At The Laboratory With My Pet’s Doctor, Chemistry Profile II

  Posted on   by   No comments

In our ongoing series about how and why your pet’s doctor chooses laboratory tests, and what the results mean, we continue our look at the Chemistry Profile.  Click here to read Part 1.  Click here to read about the Complete Blood Count (CBC).   Click here to read about urinalysis.

Glucose. Everybody knows glucose. It’s also known as blood sugar. Problems can occur when it’s too high or too low. Rarely is low glucose, hypoglycemia, a problem in adult animals, though it can be deadly in kittens and puppies.

Hyperglycemia, or elevated blood sugar, on the other hand, is not uncommon, and is our best indicator to confirm clinical suspicions of diabetes mellitus, the most common form of diabetes in man and animals. As with people, diabetes is a very treatable condition.

Cholesterol. Everybody knows cholesterol. While cholesterol usually doesn’t cause plaque and obstructions in arteries as it does in people, it can be a good indicator of other problems, such as low thyroid function and an growing problem in pets: lipemia.

Lipemia is the presence of fats in the bloodstream that are there in excessive amounts. Pets with this problem can usually be controlled with a low fat diet, but some may need cholesterol-lowering drugs. Failure to control the lipemia can lead to seizures and inflammation of the pancreas, a digestive organ that also produces insulin.

Inflammation of the pancreas is a fairly common presentation, and most commonly occurs when a pet has gotten into fatty foods he wasn’t supposed to have access to, such as from the garbage can. Two enzymes are used to measure damage to the pancreas. Lipase is a pancreas-specific enzyme, while Amylase is produced by the pancreas and the digestive tract. The pancreas can be very inflamed, even fatally inflamed, without either of these enzymes being elevated beyond normal ranges.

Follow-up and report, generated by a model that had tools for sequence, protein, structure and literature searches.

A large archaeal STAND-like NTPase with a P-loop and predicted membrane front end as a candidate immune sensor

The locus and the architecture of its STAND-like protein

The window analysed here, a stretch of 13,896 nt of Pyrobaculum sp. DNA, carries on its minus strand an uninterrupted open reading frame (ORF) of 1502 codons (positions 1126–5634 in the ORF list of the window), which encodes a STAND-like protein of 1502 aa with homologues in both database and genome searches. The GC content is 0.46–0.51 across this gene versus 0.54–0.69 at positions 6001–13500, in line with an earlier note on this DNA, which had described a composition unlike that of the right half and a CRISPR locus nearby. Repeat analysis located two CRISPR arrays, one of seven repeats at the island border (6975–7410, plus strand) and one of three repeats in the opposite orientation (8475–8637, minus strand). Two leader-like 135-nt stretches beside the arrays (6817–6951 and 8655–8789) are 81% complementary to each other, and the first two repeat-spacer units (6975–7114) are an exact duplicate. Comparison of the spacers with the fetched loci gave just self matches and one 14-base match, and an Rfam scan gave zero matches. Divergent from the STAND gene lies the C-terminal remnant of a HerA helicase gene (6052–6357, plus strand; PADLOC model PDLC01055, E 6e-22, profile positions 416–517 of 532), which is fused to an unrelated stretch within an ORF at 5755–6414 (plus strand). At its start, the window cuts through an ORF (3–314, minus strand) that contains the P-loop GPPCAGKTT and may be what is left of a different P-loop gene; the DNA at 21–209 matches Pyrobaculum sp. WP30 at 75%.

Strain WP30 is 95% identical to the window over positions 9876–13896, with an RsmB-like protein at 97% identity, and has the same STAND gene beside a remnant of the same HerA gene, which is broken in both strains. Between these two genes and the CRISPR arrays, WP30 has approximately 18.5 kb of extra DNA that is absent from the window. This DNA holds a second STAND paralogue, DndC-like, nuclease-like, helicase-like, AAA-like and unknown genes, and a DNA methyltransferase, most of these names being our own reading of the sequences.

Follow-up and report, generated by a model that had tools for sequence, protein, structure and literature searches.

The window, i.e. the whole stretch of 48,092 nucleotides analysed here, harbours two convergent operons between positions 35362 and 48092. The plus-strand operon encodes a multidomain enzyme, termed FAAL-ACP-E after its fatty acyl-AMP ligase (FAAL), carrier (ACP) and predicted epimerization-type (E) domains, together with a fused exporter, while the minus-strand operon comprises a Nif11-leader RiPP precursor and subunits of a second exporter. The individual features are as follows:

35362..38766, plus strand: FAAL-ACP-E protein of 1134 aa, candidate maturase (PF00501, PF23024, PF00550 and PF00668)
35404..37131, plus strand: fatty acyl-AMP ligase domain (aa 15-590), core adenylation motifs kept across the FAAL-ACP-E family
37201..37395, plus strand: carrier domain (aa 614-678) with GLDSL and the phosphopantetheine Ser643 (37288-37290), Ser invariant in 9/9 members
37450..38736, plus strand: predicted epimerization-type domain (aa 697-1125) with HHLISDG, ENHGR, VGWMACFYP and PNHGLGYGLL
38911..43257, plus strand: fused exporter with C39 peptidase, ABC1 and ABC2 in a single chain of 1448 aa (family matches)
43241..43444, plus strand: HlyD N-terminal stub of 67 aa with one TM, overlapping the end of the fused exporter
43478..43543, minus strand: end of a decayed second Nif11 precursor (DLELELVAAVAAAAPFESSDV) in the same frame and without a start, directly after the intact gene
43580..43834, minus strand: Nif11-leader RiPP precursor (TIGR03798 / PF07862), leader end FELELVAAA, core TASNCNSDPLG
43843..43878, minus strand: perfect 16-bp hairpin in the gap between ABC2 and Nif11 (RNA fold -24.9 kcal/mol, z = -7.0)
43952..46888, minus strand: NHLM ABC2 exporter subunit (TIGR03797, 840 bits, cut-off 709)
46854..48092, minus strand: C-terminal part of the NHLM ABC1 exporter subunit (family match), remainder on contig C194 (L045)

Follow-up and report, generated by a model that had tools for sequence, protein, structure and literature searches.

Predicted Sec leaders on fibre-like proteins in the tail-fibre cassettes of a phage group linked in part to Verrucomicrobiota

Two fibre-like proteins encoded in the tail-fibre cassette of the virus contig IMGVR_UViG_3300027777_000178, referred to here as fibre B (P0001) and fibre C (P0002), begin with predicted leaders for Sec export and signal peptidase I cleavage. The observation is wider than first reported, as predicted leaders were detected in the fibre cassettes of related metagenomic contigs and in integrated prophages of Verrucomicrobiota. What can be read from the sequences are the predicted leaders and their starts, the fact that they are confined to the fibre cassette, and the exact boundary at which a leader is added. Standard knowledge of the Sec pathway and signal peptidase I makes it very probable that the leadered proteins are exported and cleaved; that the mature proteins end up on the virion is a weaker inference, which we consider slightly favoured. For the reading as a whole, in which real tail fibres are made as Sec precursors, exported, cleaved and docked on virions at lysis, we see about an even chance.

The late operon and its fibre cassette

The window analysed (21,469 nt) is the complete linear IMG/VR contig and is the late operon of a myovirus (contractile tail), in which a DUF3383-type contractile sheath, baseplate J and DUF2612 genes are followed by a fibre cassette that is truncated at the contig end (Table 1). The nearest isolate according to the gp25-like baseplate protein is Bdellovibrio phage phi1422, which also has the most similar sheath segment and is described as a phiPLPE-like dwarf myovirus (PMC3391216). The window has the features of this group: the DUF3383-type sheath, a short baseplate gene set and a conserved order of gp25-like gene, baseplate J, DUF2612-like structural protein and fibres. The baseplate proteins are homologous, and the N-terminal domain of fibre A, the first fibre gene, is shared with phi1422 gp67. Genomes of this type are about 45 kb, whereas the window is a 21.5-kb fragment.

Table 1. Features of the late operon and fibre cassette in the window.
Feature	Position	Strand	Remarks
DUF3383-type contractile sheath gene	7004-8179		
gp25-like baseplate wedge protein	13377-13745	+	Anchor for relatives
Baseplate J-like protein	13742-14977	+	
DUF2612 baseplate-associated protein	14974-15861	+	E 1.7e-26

Protein measurement is an important part of the chemistry panel. Albumin is an important protein that is produced by the liver. Low albumin levels can be caused by failure of the liver to produce enough, or it may be caused by loss of albumin through the intestines or kidneys or both. Low albumin levels can lead to osmotic balance problems in the blood, as well as failure to carry adequate calcium in the bloodstream. High albumin levels occur in dehydration and, rarely, in cases of overproduction of the protein.

Another important protein measured in the chemistry panel is globulin. Globulin is actually a combination of several proteins, and is an indicator of activity in the immune system.

Bilirubin is commonly a measurement made in chemistry profiles. It can be a measure of a liver’s ability to perform a usual daily liver function. Bilirubin will also be elevated when bile is unable to flow out of the liver and into the intestinal tract through the bile ducts. In that condition, a liver enzyme, Alkaline Phosphatase (mentioned above) will usually also be elevated.

Next time in “At The Laboratory With My Pet’s Doctor”, we’ll look into the urinalysis and culture of the urine.

hforml

Comments

Your email address will not be published. Required fields are marked *